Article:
New York-based startup Paige, which spun out of Memorial Sloan Kettering and is building what it calls the world’s largest image-based artificial intelligence models for digital pathology and oncology, is partnering with Microsoft on new AI models.
Paige, which develops end-to-end digital pathology solutions and clinical AI, has developed a Large Foundation Model using over one billion images from half a million pathology slides across multiple cancer types. With Microsoft, Paige is developing a new AI model that it claims is orders-of-magnitude larger than any other image-based AI model existing today, configured with billions of parameters. This model assists in capturing the subtle complexities of cancer. Paige said it could serve as the cornerstone for the next generation of clinical applications and computational biomarkers that push the boundaries of oncology and pathology.
In its next phase of development, Paige is incorporating up to four million digitized microscopy slides across multiple types of cancer from its petabyte-scale archive of clinical data. Paige will then use Microsoft’s advanced supercomputing infrastructure to train the technology at scale and ultimately deploy it to hospitals and laboratories across the globe using Azure.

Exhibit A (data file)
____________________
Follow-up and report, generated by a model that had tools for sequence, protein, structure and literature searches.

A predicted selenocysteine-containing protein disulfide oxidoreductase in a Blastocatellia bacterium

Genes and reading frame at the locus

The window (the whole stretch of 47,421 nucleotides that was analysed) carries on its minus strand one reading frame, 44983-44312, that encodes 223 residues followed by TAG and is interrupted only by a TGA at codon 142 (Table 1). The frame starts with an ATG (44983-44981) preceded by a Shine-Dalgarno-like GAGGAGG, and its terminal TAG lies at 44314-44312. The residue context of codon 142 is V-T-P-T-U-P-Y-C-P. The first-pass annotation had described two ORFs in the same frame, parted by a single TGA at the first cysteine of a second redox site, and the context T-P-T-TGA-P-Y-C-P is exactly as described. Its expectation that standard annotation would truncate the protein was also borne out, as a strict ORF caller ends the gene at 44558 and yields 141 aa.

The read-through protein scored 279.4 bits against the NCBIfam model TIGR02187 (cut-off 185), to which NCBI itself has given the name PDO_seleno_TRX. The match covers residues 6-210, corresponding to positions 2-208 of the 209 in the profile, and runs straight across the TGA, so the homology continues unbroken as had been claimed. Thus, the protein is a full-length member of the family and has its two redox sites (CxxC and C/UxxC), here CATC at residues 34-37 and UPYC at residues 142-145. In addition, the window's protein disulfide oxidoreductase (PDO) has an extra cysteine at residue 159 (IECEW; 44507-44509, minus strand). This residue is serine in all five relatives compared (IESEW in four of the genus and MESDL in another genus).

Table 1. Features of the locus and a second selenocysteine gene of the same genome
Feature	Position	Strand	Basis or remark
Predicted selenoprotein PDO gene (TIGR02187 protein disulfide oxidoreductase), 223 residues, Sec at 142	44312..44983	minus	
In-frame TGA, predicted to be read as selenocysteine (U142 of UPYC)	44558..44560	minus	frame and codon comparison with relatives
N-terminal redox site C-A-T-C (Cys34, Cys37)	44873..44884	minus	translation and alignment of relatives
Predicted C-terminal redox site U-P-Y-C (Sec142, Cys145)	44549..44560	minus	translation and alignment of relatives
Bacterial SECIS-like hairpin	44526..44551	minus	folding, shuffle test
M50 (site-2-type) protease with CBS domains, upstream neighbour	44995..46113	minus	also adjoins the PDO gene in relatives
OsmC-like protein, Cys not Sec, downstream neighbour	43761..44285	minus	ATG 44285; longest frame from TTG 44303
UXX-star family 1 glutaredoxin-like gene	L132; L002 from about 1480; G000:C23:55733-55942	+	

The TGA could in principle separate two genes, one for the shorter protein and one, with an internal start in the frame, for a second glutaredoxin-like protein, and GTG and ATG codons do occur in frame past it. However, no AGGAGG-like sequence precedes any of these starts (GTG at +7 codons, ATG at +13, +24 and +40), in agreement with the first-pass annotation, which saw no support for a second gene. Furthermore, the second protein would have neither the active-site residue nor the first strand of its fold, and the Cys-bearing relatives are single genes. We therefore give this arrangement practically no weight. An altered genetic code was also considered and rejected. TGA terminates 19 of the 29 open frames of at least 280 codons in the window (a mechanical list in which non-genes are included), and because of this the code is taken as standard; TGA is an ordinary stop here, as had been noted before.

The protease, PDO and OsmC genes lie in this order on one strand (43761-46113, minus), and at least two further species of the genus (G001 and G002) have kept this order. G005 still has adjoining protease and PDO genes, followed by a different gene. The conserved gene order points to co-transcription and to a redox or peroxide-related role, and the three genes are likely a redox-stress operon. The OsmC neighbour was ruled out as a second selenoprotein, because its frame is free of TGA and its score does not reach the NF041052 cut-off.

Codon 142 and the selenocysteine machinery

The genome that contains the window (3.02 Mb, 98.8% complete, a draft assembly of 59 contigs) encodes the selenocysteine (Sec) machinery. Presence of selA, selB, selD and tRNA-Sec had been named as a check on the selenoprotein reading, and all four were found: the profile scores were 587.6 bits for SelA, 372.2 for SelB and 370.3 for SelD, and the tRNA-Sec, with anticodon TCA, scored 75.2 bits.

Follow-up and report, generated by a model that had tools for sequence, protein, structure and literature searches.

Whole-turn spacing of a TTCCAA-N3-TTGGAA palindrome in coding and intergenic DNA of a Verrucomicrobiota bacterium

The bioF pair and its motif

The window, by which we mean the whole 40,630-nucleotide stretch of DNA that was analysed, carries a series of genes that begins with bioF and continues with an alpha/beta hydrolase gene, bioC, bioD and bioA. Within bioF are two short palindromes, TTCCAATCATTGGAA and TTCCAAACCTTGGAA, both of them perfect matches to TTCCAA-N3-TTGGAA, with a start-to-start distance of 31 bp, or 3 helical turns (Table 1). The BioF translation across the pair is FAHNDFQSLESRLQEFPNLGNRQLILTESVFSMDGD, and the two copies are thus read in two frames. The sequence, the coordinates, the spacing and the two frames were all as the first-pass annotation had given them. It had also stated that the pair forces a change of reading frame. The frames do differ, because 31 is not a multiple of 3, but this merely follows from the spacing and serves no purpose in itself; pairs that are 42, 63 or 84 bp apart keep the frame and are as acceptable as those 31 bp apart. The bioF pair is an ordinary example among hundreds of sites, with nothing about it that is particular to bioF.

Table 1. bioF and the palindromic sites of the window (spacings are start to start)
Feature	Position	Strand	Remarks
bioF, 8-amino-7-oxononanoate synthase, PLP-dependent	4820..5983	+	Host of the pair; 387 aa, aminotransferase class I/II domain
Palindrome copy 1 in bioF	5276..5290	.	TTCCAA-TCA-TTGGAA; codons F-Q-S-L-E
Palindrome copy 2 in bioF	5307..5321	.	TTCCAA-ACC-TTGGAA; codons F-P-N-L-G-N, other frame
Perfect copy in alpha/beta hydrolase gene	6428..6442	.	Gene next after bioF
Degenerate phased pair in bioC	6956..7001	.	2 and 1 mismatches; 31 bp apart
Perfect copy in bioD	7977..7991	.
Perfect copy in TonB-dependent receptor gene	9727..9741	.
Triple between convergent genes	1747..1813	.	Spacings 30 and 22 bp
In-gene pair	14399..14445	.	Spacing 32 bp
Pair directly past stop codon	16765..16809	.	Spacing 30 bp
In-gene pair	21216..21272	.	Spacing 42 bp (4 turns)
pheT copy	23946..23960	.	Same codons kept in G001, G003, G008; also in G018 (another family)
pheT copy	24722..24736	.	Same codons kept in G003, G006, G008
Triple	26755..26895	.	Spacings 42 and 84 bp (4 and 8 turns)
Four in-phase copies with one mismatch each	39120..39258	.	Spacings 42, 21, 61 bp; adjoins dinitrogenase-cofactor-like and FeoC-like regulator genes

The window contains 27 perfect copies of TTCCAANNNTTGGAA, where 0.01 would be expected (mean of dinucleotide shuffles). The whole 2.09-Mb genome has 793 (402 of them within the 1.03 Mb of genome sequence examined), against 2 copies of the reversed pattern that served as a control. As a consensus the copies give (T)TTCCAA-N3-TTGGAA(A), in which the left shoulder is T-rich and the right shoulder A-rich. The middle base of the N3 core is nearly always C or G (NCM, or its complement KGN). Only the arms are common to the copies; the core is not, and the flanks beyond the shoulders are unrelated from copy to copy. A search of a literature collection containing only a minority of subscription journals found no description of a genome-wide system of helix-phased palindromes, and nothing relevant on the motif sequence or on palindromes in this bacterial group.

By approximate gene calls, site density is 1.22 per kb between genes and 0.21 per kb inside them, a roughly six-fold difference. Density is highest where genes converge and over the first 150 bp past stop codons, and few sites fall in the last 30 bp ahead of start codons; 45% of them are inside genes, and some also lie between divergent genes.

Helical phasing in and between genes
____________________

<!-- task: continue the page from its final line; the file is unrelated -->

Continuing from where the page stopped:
“Paige technology already goes beyond what is humanly possible today and helps physicians deliver better cancer care with AI support. By realizing the potential of generative AI at unprecedented scale, the Paige model collaboration with Microsoft is a milestone in the history of oncology,” said Thomas Fuchs, Dr.Sc., founder and chief scientist of Paige. It opens a window into the microscopic world with extraordinary fidelity, allowing for not only much higher accuracy but completely novel capabilities.”
“By combining Microsoft’s world-class research and cloud infrastructure with Paige’s deep expertise and large-scale data, we are creating new AI models that will enable unprecedented insights into the pathology of cancer,” said Desney Tan, vice president and managing director of Microsoft Health Futures, in a statement.
Paige also recently announced a collaboration with Ohio State University Wexner Medical Center (OSWMC) and its affiliated community hospitals. They will conduct a multi-arm clinical utility and health economics study to measure the accuracy, efficiency and cost-savings impact of using AI tools in diagnosing cancer in a community hospital setting. OSWMC will use the Paige Prostate Suite, including Paige Prostate Detect, an FDA-approved AI-powered pathology algorithm, to assess the differences between diagnoses made with and without the use of AI.
Community hospital pathologists will be conducting a retrospective real-world data study to analyze differences in the accuracy and read efficiency with which general surgical pathologists detect, grade, and quantify prostate cancers with and without the assistance of the Paige Prostate Suite, compared to a subspecialist reference diagnosis. The study will also examine differences in time and resource utilization based on the use of AI. Qualitatively, this will help determine the impact of the Paige Prostate AI applications on community pathologists, factoring in subspecialist skill access, patient treatment and management pathways, and the level of confidence in diagnosis with and without Paige’s AI applications.